Figure 8: Automotive Aftermarket Future Outlook
How Electrification and Autonomous Driving Will Impact the Aftermarket
Technological advancements of battery electric vehicles (BEVs) and autonomous vehicles (AVs) impact not only to the vehicle manufacturing sector but also the automotive aftermarket at multiple levels: including parts manufacturers, distribution, and workshops.
Vehicle electrification leads to significant simplification of vehicle design with fewer required stock keeping units (SKUs) and more electronic components. The aftermarket is negatively impacted across a range of components including accessories, chassis (brakes), electrical/electronic (E/E) starter batteries, E/E starters and alternators, fluids, and traditional powertrain (ICE parts). In contrast, demand for other chassis components, powertrain (EV parts), thermal parts, and tires will increase.
Autonomous driving is likely to make vehicles less customizable and reduce collision frequency, resulting in lower demand for appearance accessories but higher demand for electrical and electronic (E/E) systems (advanced driver-assistance system, or ADAS, components). Software and computation are more critical than hardware. Software updates are provided “over the air” through car connectivity facilitated by 5G. Based on the data collected from the current sensors and cameras installed, each car is expected to generate 25GB of data per day from the vehicle itself and the environment around it.
IAM for AV will require significant investment in diagnostic and calibration equipment, training, and in-car data access. The complexity of autonomous driving systems will create a skillset gap between autonomous vehicle and traditional human-driven vehicle, particularly in software and data security.
The advent of autonomous driving will also bring impact to workshops. More service technicians need to be trained for electrical services in addition to mechanical services. Moving to AV aftersales service requires an dramatic increase in technician skills, as technicians need to inspect in-car network connectivity and diagnose software issues. These new networks and E/E architectures will evolve and introduce entirely new technologies and new approaches. It will take time for the aftermarket to make this transition as the insurance and warranty models for AVs are not clearly identified, and the replacement rate of AV-related products is difficult to measure as of now.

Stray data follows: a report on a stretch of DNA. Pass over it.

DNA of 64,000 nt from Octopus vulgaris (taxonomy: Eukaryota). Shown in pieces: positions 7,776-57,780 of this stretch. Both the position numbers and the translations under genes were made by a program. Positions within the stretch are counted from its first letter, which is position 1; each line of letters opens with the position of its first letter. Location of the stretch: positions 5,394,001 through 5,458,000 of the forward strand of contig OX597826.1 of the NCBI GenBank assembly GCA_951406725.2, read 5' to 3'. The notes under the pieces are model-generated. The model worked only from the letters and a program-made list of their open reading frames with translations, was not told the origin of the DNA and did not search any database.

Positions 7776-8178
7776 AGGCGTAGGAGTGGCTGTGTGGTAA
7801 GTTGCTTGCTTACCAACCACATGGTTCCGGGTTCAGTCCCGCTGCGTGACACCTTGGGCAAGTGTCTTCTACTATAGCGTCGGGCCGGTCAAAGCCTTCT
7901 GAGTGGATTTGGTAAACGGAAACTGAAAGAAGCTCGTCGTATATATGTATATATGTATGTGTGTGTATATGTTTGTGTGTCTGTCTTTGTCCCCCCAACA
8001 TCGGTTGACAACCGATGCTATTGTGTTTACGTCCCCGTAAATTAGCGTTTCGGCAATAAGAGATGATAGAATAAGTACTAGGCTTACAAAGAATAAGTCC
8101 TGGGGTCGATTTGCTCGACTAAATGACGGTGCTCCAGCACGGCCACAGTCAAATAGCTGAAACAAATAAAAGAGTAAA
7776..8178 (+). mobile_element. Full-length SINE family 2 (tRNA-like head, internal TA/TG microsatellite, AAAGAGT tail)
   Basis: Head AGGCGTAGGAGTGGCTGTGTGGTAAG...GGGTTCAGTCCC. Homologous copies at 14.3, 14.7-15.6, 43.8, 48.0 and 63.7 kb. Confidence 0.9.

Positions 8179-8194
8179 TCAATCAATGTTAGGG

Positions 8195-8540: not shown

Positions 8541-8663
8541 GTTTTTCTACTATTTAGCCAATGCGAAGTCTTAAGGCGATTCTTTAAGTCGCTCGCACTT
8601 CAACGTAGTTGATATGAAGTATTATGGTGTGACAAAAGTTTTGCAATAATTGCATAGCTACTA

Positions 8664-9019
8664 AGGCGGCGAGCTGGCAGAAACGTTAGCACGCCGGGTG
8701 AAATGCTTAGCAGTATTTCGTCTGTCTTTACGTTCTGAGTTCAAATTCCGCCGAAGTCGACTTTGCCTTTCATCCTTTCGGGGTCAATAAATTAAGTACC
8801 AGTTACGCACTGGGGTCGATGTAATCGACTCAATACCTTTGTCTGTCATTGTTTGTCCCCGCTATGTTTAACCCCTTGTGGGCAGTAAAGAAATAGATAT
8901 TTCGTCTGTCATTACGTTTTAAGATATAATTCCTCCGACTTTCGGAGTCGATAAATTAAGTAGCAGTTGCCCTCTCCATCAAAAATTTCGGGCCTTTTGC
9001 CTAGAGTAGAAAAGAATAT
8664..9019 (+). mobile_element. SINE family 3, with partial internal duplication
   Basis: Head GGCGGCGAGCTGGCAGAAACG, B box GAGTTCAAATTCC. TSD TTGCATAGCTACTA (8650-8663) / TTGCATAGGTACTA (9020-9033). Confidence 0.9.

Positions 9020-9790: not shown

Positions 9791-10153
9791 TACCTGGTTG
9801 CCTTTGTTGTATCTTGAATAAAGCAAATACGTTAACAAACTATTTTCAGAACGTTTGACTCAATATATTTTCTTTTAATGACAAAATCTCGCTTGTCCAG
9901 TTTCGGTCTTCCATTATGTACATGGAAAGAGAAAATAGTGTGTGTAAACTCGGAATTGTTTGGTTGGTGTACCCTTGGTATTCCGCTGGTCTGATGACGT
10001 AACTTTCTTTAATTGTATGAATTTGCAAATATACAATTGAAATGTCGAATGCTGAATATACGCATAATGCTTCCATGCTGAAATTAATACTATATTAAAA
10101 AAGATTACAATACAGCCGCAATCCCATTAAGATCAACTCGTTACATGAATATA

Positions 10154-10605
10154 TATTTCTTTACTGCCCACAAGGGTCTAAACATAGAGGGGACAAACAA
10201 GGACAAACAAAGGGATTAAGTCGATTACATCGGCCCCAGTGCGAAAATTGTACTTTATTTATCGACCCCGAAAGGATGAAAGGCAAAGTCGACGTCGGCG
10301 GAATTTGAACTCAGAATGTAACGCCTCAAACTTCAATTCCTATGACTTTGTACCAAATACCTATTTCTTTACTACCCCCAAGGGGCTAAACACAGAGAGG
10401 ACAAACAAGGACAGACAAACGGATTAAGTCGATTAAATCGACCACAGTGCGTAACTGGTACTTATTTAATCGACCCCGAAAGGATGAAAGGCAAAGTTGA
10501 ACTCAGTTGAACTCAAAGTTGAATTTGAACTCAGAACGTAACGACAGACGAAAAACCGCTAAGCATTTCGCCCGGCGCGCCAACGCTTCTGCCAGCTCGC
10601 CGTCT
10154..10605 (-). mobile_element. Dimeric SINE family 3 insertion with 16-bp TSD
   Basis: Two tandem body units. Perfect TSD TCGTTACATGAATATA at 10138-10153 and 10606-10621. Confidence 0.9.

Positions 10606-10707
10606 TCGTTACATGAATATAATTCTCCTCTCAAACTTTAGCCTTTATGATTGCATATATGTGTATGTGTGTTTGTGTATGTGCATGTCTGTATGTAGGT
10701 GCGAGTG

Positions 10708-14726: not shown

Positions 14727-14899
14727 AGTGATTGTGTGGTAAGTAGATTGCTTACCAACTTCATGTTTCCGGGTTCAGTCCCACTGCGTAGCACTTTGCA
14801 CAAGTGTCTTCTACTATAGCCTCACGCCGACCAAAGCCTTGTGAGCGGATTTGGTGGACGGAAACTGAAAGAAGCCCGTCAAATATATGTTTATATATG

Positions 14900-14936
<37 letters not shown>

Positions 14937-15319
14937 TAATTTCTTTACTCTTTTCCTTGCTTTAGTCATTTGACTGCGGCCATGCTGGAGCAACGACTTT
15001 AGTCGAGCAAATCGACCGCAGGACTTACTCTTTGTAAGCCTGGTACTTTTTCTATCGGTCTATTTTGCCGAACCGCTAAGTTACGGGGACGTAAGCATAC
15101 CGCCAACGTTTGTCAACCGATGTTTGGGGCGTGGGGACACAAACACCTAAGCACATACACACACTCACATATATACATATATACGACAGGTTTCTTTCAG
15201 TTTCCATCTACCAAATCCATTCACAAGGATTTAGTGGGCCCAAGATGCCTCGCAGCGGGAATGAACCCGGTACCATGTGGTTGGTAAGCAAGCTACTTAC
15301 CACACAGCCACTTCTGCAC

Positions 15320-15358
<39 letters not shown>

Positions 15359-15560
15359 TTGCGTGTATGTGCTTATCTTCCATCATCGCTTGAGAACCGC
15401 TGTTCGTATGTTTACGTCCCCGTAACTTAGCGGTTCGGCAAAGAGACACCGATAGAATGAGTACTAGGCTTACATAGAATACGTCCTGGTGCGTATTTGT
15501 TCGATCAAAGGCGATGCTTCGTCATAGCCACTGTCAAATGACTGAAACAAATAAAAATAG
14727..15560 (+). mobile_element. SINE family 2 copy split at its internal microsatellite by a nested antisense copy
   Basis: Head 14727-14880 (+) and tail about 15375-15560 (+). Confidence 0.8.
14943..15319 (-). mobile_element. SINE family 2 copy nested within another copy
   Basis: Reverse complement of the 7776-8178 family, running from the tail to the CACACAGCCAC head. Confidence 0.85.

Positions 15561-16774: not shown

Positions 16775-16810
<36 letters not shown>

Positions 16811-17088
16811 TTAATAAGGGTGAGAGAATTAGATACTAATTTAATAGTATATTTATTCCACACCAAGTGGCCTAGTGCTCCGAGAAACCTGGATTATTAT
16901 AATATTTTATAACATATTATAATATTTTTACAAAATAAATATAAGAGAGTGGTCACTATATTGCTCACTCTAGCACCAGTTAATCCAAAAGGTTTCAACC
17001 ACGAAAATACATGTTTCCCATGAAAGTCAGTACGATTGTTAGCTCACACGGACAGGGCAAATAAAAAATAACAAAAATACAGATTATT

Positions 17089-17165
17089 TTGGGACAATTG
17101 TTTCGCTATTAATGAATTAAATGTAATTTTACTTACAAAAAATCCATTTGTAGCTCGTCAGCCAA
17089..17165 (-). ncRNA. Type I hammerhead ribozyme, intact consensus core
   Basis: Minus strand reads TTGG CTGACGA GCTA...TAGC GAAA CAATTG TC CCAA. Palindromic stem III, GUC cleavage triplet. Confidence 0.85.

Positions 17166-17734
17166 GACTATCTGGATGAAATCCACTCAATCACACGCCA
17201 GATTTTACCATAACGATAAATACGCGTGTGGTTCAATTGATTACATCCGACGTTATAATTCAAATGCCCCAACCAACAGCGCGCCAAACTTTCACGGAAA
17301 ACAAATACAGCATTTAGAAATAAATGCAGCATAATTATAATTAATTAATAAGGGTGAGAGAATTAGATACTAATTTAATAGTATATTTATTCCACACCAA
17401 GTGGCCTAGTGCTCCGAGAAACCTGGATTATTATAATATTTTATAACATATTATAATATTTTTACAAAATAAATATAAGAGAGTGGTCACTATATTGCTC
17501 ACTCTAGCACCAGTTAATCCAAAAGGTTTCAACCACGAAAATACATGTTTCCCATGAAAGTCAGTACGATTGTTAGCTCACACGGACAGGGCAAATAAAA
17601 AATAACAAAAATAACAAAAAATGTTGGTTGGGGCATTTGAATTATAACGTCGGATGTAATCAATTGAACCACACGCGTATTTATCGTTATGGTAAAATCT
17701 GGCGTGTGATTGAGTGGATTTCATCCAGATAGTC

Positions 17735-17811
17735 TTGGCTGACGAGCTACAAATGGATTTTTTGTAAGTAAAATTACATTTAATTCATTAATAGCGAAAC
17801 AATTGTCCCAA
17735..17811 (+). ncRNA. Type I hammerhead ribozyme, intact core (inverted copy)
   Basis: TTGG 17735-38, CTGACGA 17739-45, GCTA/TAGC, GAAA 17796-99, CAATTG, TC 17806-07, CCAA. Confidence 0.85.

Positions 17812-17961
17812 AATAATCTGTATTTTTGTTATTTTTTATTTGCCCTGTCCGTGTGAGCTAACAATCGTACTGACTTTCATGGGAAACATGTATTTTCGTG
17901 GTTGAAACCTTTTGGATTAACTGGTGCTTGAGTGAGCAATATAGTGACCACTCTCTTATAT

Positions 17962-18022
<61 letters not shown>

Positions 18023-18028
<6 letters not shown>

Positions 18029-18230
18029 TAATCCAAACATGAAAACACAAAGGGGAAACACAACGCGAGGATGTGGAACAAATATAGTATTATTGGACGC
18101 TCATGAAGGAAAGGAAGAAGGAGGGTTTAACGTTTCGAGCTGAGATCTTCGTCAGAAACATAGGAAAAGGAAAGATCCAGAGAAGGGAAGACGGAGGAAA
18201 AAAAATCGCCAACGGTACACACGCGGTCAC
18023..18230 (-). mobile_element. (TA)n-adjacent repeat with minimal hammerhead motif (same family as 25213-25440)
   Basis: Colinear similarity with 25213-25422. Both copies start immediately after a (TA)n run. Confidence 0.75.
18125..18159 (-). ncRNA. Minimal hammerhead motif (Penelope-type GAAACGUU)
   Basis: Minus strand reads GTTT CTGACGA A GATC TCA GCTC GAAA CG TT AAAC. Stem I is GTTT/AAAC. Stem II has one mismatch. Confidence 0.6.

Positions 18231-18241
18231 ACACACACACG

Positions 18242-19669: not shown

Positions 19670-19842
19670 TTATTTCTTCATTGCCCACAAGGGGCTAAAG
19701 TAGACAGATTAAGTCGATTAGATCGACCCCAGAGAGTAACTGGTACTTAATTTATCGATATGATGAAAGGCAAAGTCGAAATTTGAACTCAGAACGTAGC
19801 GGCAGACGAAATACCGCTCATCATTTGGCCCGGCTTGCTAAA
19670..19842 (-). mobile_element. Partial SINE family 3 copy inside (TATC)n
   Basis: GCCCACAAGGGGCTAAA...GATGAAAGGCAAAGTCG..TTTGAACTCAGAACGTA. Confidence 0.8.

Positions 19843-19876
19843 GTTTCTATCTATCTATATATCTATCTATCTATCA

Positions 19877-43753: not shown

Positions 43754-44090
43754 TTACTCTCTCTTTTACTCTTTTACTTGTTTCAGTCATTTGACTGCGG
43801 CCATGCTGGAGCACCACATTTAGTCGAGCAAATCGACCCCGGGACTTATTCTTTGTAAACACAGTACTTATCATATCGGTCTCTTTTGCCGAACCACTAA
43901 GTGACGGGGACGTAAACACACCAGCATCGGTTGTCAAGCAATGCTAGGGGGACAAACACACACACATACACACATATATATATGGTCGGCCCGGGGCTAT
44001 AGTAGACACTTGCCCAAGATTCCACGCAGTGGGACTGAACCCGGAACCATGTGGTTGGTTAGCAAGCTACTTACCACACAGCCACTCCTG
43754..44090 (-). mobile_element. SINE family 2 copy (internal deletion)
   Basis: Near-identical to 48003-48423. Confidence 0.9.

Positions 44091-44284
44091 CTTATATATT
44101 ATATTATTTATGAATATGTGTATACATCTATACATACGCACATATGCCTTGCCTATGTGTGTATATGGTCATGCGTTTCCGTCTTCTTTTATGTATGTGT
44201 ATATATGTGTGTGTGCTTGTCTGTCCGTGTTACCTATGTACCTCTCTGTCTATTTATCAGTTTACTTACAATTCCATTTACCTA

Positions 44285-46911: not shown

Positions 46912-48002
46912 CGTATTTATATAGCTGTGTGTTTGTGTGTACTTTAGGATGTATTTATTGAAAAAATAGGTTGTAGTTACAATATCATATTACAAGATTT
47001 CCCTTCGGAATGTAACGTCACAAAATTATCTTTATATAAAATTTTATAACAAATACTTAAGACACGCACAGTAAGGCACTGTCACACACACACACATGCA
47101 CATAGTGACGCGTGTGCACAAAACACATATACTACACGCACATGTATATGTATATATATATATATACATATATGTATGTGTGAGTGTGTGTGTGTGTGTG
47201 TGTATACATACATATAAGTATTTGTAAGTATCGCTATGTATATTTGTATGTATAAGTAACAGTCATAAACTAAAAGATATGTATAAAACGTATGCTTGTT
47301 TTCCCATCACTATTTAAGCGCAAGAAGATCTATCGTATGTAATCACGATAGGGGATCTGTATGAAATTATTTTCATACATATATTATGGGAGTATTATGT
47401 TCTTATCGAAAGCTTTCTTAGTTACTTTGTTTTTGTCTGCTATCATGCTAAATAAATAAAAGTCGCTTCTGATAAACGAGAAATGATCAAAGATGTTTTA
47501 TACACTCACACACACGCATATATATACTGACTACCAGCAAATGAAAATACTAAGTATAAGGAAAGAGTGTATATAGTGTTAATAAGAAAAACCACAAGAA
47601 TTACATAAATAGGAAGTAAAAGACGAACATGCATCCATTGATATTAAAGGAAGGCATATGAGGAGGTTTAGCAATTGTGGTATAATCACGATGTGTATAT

It must be noted that while electrification is a secular and generational shift and while it is happening rapidly in China, the car parc will still be dominated by traditional combustion-powered vehicle for a very long time. Aftermarket players should seize potential opportunities to pivot to electrification and intelligent connectivity to remain relevant in the new game. In the transition period, aftermarket players must:
1. Collaborate with Chinese aftermarket players in seeking to build capabilities to compete in both the traditional and new game,
2. Lay the groundwork for pivoting the existing portfolio from the traditional game to the new game by investing in the technologies that substitute those that are displaced,
3. Form global alliances with Chinese aftermarket players to create a way to play in China and a right-to- win in the international markets.
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About the Authors
Bill Russo is the Founder and CEO of Automobility Limited. His over 40 years of experience includes 15 years as an automotive executive with Chrysler, including 19 years of experience in China and Asia. He has also worked nearly 12 years in the electronics and information technology industries with IBM and Harman. He has worked as an advisor and consultant for numerous multinational and local Chinese firms in the formulation and implementation of their global market and product strategies. Bill is also currently serving as the Chair of the Automotive Committee at the American Chamber of Commerce in Shanghai.
Contact Bill by email at [email protected]
Twyla Zhang is a Senior Consultant at Automobility Limited. She has communications, marketing, and consulting experiences in cross-industry sectors, including energy, automotive, FMCG, finance and healthcare. She led several projects in market entry, market insights, marketing communications, and new product development. Twyla holds a Bachelor’s degree in Marketing from Michigan State University and an MBA from CEIBS.
Contact Twyla by email at [email protected]
Benjamin Fan is a Senior Consultant at Automobility Limited. He has more than 8 years of experience in Market Research, Market Entry, Marketing & Branding Strategy and Organizational Development. He is passionate about the future of the automotive industry, and brings insights from both Consumer Goods and Healthcare industry to help shape the future of mobility with his clients.
Contact Benjamin by email at [email protected] _________________________________________________________________